ML Boby, D Fearon, M Ferla, M Filep, L Koekemoer, MC Robinson, COVID Moonshot Consortium‡, JD Chodera, AA Lee, N London, A von Delft, F von Delft, H Achdout, A Aimon, DS Alonzi, R Arbon, JC Aschenbrenner, BH Balcomb, E Bar-David, H Barr, A Ben-Shmuel, J Bennett, VA Bilenko, B Borden, P Boulet, GR Bowman, L Brewitz, J Brun, S Bvnbs, M Calmiano, A Carbery, DW Carney, E Cattermole, E Chang, E Chernyshenko, A Clyde, JE Coffland, G Cohen, JC Cole, A Contini, L Cox, TI Croll, M Cvitkovic, S De Jonghe, A Dias, K Donckers, DL Dotson, A Douangamath, S Duberstein, T Dudgeon, LE Dunnett, P Eastman, N Erez, CJ Eyermann, M Fairhead, G Fate, O Fedorov, RS Fernandes, L Ferrins, R Foster, H Foster, L Fraisse, R Gabizon, A García-Sastre, VO Gawriljuk, P Gehrtz, C Gileadi, C Giroud, WG Glass, RC Glen, I Glinert, AS Godoy, M Gorichko, T Gorrie-Stone, EJ Griffen, A Haneef, S Hassell Hart, J Heer, M Henry, M Hill, S Horrell, QYJ Huang, VD Huliak, MFD Hurley, T Israely, A Jajack, J Jansen, E Jnoff, D Jochmans, T John, B Kaminow, L Kang, AL Kantsadi, PW Kenny, JL Kiappes, SO Kinakh, B Kovar, T Krojer, VNT La, S Laghnimi-Hahn, BA Lefker, H Levy, RM Lithgo, IG Logvinenko, P Lukacik, HB Macdonald, EM MacLean, LL Makower, TR Malla, PG Marples, T Matviiuk, W McCorkindale, BL McGovern, S Melamed, KP Melnykov, O Michurin, P Miesen, H Mikolajek, BF Milne, D Minh, A Morris, GM Morris, MJ Morwitzer, D Moustakas, CE Mowbray, AM Nakamura, JB Neto, J Neyts, L Nguyen, GD Noske, V Oleinikovas, G Oliva, GJ Overheul, CD Owen, R Pai, J Pan, N Paran, AM Payne, B Perry, M Pingle, J Pinjari, B Politi, A Powell, V Pšenák, I Pulido, R Puni, VL Rangel, RN Reddi, P Rees, SP Reid, L Reid, E Resnick, EG Ripka, RP Robinson, J Rodriguez-Guerra, R Rosales, DA Rufa, K Saar, KS Saikatendu, E Salah, D Schaller, J Scheen, CA Schiffer, CJ Schofield, M Shafeev, A Shaikh, AM Shaqra, J Shi, K Shurrush, S Singh, A Sittner, P Sjö, R Skyner, A Smalley, B Smeets, MD Smilova, LJ Solmesky, J Spencer, C Strain-Damerell, V Swamy, H Tamir, JC Taylor, RE Tennant, W Thompson, A Thompson, S Tomásio, CWE Tomlinson, IS Tsurupa, A Tumber, I Vakonakis, RP van Rij, L Vangeel, FS Varghese, M Vaschetto, EB Vitner, V Voelz, A Volkamer, MA Walsh, W Ward, C Weatherall, S Weiss, KM White, CF Wild, KD Witt, M Wittmann, N Wright, Y Yahalom-Ronen, NK Yilmaz, D Zaidmann, I Zhang, H Zidane, N Zitzmann, SN Zvornicanin
– Science (New York, N.Y.)
Apelinergic signalling in hepatocellular carcinoma (HCC): A new therapeutic treatment option
J Beaumont, E Aboagye, B Wojciak-Stothard, G Serrano-De-Almeida, R Glen, R Sharma
Apelinergic signalling in hepatocellular carcinoma (HCC): A new therapeutic treatment option.
J Beaumont, E Aboagye, B Wojciak-Stothard, G Serrano-De-Almeida, R Glen, R Sharma
SARS-CoV-2 infects the human kidney and drives fibrosis in kidney organoids.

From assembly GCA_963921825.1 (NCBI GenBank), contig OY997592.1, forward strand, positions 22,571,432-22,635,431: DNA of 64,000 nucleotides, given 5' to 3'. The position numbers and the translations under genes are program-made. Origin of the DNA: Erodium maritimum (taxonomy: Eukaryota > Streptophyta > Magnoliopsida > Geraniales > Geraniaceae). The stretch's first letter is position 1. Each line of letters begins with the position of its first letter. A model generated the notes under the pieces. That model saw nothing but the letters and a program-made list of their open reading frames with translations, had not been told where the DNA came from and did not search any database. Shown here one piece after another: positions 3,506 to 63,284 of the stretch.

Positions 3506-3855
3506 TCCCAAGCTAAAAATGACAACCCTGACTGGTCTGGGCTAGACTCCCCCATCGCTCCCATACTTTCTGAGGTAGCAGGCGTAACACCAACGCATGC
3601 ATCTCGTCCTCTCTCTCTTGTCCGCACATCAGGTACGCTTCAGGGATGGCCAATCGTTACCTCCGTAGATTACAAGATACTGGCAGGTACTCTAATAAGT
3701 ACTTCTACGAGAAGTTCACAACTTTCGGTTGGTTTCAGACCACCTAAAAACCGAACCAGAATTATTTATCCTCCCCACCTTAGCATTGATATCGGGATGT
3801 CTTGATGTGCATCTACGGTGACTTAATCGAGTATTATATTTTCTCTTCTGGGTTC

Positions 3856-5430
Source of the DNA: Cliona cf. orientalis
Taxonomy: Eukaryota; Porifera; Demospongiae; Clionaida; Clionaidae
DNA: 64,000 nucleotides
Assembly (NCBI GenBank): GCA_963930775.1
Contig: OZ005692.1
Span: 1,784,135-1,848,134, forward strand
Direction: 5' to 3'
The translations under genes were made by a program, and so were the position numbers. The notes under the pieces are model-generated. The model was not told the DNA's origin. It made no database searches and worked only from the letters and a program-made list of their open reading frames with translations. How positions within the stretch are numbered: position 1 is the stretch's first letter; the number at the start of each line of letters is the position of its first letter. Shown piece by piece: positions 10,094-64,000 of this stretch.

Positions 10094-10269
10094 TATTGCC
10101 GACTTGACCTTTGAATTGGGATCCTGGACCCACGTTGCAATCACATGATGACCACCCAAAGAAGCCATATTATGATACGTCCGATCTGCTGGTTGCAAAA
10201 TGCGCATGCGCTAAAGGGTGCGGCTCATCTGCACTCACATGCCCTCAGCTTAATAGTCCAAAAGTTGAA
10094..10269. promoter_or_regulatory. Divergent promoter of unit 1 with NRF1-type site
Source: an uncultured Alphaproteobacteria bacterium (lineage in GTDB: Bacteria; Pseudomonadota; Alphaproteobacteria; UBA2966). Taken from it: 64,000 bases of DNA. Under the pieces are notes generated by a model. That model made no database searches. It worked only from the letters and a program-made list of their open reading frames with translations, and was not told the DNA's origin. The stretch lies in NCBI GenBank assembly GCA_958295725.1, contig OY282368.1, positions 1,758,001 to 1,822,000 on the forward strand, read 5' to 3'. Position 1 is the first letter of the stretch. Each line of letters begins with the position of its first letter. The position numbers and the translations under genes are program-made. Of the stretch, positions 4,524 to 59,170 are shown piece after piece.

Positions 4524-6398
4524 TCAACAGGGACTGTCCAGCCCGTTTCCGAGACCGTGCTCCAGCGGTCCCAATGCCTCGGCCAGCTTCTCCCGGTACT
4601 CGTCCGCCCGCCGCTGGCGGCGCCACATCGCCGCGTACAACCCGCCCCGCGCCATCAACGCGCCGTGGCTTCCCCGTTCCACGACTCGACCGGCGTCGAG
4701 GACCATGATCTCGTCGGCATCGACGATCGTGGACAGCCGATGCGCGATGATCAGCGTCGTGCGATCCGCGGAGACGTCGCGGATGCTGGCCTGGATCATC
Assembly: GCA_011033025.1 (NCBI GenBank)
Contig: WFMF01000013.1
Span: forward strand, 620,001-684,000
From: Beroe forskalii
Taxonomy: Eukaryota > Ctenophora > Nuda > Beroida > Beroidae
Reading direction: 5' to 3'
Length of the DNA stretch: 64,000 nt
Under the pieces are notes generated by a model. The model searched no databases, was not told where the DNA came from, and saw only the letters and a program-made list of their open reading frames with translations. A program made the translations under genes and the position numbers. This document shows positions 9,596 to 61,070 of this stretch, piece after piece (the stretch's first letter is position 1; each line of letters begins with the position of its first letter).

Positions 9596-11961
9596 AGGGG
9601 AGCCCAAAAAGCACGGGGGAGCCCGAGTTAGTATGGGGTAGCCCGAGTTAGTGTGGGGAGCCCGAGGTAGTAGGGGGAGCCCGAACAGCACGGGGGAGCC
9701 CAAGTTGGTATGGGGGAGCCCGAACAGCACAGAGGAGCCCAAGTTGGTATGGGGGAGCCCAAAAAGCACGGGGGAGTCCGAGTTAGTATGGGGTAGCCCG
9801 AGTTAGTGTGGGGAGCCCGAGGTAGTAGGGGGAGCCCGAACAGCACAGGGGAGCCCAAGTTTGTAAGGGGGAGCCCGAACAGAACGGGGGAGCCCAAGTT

J Jansen, KC Reimer, JS Nagai, FS Varghese, GJ Overheul, M de Beer, R Roverts, D Daviran, LAS Fermin, B Willemsen, M Beukenboom, S Djudjaj, S von Stillfried, LE van Eijk, M Mastik, M Bulthuis, WD Dunnen, H van Goor, J-L Hillebrands, SH Triana, T Alexandrov, M-C Timm, BT van den Berge, M van den Broek, Q Nlandu, J Heijnert, EMJ Bindels, RM Hoogenboezem, F Mooren, C Kuppe, P Miesen, K Grünberg, T Ijzermans, EJ Steenbergen, J Czogalla, MF Schreuder, N Sommerdijk, A Akiva, P Boor, VG Puelles, J Floege, TB Huber, COVID Moonshot consortium, RP van Rij, IG Costa, RK Schneider, B Smeets, R Kramann
– Cell stem cell
Regulation of blood brain barrier integrity by microbiome-associated methylamines and cognition by trimethylamine N-oxide
L Hoyles, MG Pontifex, I Rodriguez-Ramiro, MA Anis-Alavi, KS Jelane, T Snelling, E Solito, S Fonseca, AL Carvalho, SR Carding, M Müller, RC Glen, D Vauzour, S McArthur
– Microbiome
IonFlow: a galaxy tool for the analysis of ionomics data sets
J Iacovacci, W Lin, JL Griffin, RC Glen
– Metabolomics
G392E neuroserpin causing the dementia FENIB is secreted from cells but is not synaptotoxic.
T Ingwersen, C Linnenberg, E D'Acunto, S Temori, I Paolucci, D Wasilewski, B Mohammadi, J Kirchmair, RC Glen, E Miranda, M Glatzel, G Galliciotti
– Sci Rep
Structure‐based identification of dual ligands at the A 2A R and PDE10A with anti‐proliferative effects in lung cancer cell‐lines
L Kalash, I Winfield, D Safitri, M Bermudez, S Carvalho, R Glen, G Ladds, A Bender
– J Cheminform
Multiple-testing correction in metabolome-wide association studies.
A Peluso, R Glen, TMD Ebbels
– BMC bioinformatics
The G Protein Biased Small Molecule Apelin Agonist CMF-019 is Disease Modifying in Endothelial Cell Apoptosis In Vitro and Induces Vasodilatation Without Desensitisation In Vivo.
C Read, D Nyimanu, P Yang, RE Kuc, TL Williams, CM Fitzpatrick, R Foster, RC Glen, JJ Maguire, AP Davenport
– Frontiers in Pharmacology